While Sophia is used to being the interviewer, we thought it would be fun to ask her a few questions about being a TFK reporter. The following interview has been lightly edited.


What was the best part of being a journalist for Time for Kids?

I’ve realized that I really enjoy talking to people about their interesting experiences and inspiring opinions. I also really enjoy retelling those stories in my words and further passing those messages onto my readers. Meeting amazing people and listening to their inspiring stories do not only enrich my own life but also help me to convey my interviewees’ wisdom to my readers and enrich their lives.

Meeting amazing people and listening to their inspiring stories do not only enrich my own life but also help me to convey my interviewees’ wisdom to my readers and enrich their lives.—Sophia Z., class of 2028

How did this experience help you become a better journalist and writer?

I learned to write for certain audiences. Writing for the second graders is so different from writing for the fifth and sixth graders. My mentor at TFK taught me to know my readers, keep their interests in mind, adjust my writing style accordingly, and deliver the story in the language that they would understand and relate to.

I also learned that interviewing isn’t just about asking questions and taking notes of what my interviewees said; it’s a conversation. Conversations are never one-sided. Of course, a reporter always prepares for a set of questions before an interview; however, she does not need to strictly follow those questions. One of my questions could stimulate my interviewee to share a piece of experience, memory, opinion, or suggestion, which could inspire me to ask a follow-up question. Engaging with the conservation is more essential and fun than completing a set of prepared questions.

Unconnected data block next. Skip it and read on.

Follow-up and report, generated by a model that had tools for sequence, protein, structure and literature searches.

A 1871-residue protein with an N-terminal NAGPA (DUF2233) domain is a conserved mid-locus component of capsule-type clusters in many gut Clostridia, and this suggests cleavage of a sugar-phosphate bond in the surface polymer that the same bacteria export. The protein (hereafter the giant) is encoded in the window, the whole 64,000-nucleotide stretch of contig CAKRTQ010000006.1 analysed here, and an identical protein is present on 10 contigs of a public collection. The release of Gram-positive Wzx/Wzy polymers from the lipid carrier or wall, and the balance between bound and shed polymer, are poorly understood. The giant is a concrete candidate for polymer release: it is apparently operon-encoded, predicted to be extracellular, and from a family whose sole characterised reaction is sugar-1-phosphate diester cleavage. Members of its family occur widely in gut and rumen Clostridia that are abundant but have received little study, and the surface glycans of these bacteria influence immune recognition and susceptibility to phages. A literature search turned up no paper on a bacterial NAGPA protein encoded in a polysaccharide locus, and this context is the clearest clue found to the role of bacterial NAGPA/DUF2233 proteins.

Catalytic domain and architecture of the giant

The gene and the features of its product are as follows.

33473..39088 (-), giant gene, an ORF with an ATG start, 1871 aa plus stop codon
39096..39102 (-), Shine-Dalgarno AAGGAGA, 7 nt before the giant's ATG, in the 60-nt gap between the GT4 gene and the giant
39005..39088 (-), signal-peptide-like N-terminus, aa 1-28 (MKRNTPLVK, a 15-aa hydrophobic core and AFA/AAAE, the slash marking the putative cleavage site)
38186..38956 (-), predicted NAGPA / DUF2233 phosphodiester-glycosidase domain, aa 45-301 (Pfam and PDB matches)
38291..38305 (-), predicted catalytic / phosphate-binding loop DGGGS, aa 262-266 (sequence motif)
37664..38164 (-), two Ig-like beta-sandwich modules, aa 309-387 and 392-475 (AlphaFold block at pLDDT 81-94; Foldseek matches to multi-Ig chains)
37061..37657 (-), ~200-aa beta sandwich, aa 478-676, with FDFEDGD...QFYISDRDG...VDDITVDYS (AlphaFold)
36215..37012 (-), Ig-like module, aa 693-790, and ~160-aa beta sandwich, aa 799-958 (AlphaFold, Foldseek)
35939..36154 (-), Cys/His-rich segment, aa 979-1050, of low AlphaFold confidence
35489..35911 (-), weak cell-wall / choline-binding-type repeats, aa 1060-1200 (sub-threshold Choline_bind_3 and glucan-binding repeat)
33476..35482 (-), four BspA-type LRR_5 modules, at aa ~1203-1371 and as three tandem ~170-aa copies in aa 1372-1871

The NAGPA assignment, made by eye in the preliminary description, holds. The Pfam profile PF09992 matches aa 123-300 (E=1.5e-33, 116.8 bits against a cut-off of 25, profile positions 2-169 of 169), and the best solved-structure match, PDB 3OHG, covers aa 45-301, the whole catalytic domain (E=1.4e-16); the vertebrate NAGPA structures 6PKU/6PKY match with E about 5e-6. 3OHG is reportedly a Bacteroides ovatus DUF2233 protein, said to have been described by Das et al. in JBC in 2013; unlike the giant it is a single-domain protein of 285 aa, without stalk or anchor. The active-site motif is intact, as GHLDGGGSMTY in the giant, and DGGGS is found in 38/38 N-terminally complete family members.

What was your greatest challenge?

When I started to conduct investigative journalism in the summer of 2023 for the TFK contest, I was nervous. I worried that I would not be able to nail down any interviews with adult professionals, such as scholars and government officials. I doubted whether those busy adults would talk with a seventh-grade kid. Then I feared that I would mess up with those important interviews by missing the key questions or important information. So I prepared a lot by doing more research on the topic of the Great Salt Lake. To my surprise, all of the professionals I talked with were so patient in answering my questions and so nice in recommending other professionals to me. Interviews were carried on and became easier and easier, with each interview adding pieces, helping me to solve the puzzle. Now when I look back at it, there is nothing special about journalism. Curiosity makes one ask meaningful and relevant questions to the right persons. Conversation drives the questioning and answering and drives the direction of the story. It is similar to having a conversation with one’s friends and family. Just get a meaningful conversation starting and going.

What is your dream assignment as a young journalist? 

I have many dream assignments! I would love to go to the Olympic Games and interview the top US swimmers, since I am a swimmer. I would love to go to NASA and interview NASA employees about the Artemis mission, since I really love space and want to be an aerospace engineer when I grow up. I would love to go to the World Chess Championship, interview both the current world champion and his challenger, and record their aspirations, excitement, and stresses.

Great work, Sophia! We can’t wait to see what you do next!

Student Voices